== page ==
The inclusion of xv as a light-weight alternative to Gimp seems to be an odd choice, as it has a shareware license and is no longer supported or included by any current distros; installing the rpm on Fedora 16 didn't go well. Another light-weight editing application under active support (like Pinta) seems like it would have been a better choice to mention, even if it too isn't included by default.

grip was covered, but it hasn't had any updates in 6 years, so another ripping/encoding application should have also been covered. For example, Sound Juicer is provided for Gnome installations, while KDE has support for audio ripping built-in via Konqueror. KaduioCreator is also provided for KDE installations.

Ubuntu has a really good wiki page on this topic for further reading. Search for "CDRipping" on their wiki page and you should find it.

To be fair I really like grip and still use it in an Ubuntu 10.04 LTS VM, but let's face it, unless another maintainer steps up its days are seriously numbered. Much like grip, xmms has been discontinued for a while, but thankfully succeeded by various community forks. Like a few others, Audacious is still maintained and supported and would have been a much better application to mention in place of xmms.


For reprints or future editions, replace outdated software suggestions with actively supported software. Many suggestions were very dated (grip, xv, xmms) and no longer maintained.


In closing, this is a great book for anyone just starting out with GNU/Linux, and anyone who needs a solid refresher of the basics. Even though I did not rate this book with the highest marks, it is a good value for the money and worth picking up for the current price.
14 von 15 Kunden fanden die folgende Rezension hilfreich
3.0 von 5 Sternen Great content for quick referance, washed out Kindle text. 26. November 2012
Von Mark - Veröffentlicht auf
Format:Kindle Edition|Verifizierter Kauf
As a referance for quickly finding those shell commands that slip your mind from time to time, this is a great little book. Though some of the content is dated, overall it covers the most common commands and I keep it next to my .nix machine for referance.

I do have one big complaint with the Kindle version that is behind my 3 star rating. The Kindle version appears washed out on the screen,(both pc reader and Kindle reader), making it difficult to read and contributing to the occasional eye strain headache. I picked up the Kindle version after owning the print version for some time thinking it would be more convenient, that was a mistake.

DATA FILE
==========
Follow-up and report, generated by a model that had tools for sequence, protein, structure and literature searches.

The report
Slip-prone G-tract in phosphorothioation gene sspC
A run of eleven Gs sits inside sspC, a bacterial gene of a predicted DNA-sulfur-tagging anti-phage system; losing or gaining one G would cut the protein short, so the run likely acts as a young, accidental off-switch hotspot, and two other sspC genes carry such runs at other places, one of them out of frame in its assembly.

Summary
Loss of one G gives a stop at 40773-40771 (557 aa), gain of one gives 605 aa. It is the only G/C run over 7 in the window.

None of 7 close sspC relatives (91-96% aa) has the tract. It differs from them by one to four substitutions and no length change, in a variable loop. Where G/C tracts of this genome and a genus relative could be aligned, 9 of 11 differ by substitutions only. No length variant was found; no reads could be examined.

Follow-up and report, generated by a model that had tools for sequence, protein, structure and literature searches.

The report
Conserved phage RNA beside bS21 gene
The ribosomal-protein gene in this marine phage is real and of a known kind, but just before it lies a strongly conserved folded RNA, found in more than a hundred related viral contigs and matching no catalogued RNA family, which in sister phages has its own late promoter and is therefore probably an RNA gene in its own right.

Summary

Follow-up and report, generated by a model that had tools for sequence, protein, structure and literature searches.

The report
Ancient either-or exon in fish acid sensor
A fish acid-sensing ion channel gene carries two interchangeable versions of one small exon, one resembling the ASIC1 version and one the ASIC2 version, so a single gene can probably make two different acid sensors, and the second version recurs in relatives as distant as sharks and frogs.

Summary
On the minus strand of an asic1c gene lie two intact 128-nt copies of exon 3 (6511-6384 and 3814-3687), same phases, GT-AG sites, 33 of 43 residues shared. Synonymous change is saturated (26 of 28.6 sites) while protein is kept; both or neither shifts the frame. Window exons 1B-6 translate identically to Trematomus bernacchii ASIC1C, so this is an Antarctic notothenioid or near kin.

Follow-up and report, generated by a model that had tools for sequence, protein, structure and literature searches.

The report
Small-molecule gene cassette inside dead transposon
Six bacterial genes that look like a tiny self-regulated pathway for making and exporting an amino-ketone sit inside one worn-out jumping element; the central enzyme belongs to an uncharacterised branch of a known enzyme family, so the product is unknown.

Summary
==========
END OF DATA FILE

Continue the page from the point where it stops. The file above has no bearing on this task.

Overall, the print version is a great little referance book and highly recommended for newer users of Linux. I would avoid the Kindle version until text quality is improved.
4 von 4 Kunden fanden die folgende Rezension hilfreich
5.0 von 5 Sternen Good 28. Februar 2013
Von ae - Veröffentlicht auf
Format:Taschenbuch|Verifizierter Kauf
Perfect size and good enough basic information for me to take on the job as a reference. Came on time and good price.
3 von 3 Kunden fanden die folgende Rezension hilfreich
5.0 von 5 Sternen Handy and Dandy 15. September 2013
Von Samuel Rothchild - Veröffentlicht auf
Format:Taschenbuch|Verifizierter Kauf
This guide has enough and not too much. Excellently laid out for either straight reading or reference. It got me oriented to Linux very quickly and will do well to have along side when you boot your first install of Linux.
2 von 2 Kunden fanden die folgende Rezension hilfreich
2.0 von 5 Sternen There is a better book available... 10. Juli 2014
Von ThaReaper2b - Veröffentlicht auf
This pocket guide isn't worth the paper it is printed on. It is primarily for a Fedora/Red Hat distro and really doesn't do a good job at describing the command uses. I have been teaching Linux for eight years and have been using Linux since the mid 90's. I have switched to the Linux Phrasebook by Scott Granneman. It is a much better guidebook for administrators and people learning how to use Linux. If you want to have a much more complete understanding than a reprint of the man pages, check out the Linux Phrasebook. My students use it and have a better understanding of the command syntax and usage without asking me a lot of questions like they did when they relied on the man pages.
I have used this book (Linux Pocket Guide) in the past, but since 2006 I have recommended and required the Linux Phrasebook!